Once a declaration is made by the Victorian Court, a copy must be given to the Attorney-General (s 36(6)), and the Attorney-General must, as soon as reasonably practicable, give a copy to the Minister administering the relevant statutory provision, unless that Minister is the Attorney-General themselves

(s 36(7)). Section 37 requires the relevant Minister to publicly respond to the declaration, with a written response together with a copy of the declaration laid before each House of Parliament and published in the Government Gazette.[16] Parliament can debate and pass legislative amendments to rectify the incompatibility, but this action is not compelled by the Victorian Charter. According to extrinsic materials, the purpose of s 36, together with s 37, is ‘to allow the Parliament to reconsider the provision in light of the declaration’,[17] take ‘appropriate action’[18] and ‘ensure that there is transparency and parliamentary accountability in the way the government responds to such findings by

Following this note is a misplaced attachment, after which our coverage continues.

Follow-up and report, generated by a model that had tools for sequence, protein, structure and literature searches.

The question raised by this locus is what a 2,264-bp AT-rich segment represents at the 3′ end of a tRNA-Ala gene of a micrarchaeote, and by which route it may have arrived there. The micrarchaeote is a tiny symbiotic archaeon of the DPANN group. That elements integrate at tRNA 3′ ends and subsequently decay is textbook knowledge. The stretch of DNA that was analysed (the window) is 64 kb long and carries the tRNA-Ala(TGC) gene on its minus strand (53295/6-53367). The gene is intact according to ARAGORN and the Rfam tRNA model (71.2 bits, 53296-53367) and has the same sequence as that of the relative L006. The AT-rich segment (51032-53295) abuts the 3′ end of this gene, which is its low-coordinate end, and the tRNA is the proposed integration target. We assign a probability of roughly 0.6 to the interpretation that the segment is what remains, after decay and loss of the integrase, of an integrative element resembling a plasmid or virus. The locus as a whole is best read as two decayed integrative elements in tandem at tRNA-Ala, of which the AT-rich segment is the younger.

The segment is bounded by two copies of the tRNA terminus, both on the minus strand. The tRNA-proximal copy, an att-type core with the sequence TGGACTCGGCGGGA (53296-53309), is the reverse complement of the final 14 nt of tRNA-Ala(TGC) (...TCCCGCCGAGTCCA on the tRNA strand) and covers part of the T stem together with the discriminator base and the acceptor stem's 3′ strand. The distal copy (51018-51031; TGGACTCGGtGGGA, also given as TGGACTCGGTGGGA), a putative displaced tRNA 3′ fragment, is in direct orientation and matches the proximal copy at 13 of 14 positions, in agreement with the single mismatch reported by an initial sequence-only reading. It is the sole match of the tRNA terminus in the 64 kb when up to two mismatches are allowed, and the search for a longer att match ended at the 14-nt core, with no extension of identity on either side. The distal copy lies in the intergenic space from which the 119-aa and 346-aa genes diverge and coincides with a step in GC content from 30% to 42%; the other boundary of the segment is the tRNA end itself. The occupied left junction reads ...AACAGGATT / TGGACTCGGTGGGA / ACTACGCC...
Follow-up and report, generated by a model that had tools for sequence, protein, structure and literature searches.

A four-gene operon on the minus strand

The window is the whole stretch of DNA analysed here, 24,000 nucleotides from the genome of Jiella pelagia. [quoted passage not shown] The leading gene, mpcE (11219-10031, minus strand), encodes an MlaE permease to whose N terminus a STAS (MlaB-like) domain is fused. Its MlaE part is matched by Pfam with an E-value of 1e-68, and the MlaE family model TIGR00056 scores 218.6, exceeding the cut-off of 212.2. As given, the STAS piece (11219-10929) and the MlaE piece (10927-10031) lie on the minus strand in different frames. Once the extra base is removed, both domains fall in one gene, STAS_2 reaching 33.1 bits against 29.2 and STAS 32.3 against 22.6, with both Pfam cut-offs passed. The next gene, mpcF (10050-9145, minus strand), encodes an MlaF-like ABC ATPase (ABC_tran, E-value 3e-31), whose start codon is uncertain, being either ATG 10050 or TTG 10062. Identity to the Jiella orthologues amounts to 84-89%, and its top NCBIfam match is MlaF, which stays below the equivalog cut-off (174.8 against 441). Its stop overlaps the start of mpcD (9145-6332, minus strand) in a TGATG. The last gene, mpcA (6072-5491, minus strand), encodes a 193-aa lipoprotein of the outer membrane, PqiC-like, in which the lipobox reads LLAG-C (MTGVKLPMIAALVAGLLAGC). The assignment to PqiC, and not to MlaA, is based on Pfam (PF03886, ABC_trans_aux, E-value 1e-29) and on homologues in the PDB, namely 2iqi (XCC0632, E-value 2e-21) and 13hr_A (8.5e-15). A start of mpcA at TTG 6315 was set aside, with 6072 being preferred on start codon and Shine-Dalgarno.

the court’.[19]

In the existing commentary, the declaration power has been described as a ‘key provision’[20] and ‘central to the dialogue model’.[21] It is ‘novel’,[22] in that a declaration is non-binding on the rights of parties and unenforceable. At the front end, it ‘serves as a political and perhaps moral disincentive to legislate incompatibly’;[23] at the back end, it is a ‘signal’[24] which ‘place[s] the reform of some laws on the political agenda’.[25] This seeks to ‘enhance the quality of legislative rights debate’.[26] For the litigant, the making of a declaration can still provide a symbolically powerful vindication of their human rights — ‘[r]ights have value, even if inconsistent legislation may override them’.[27]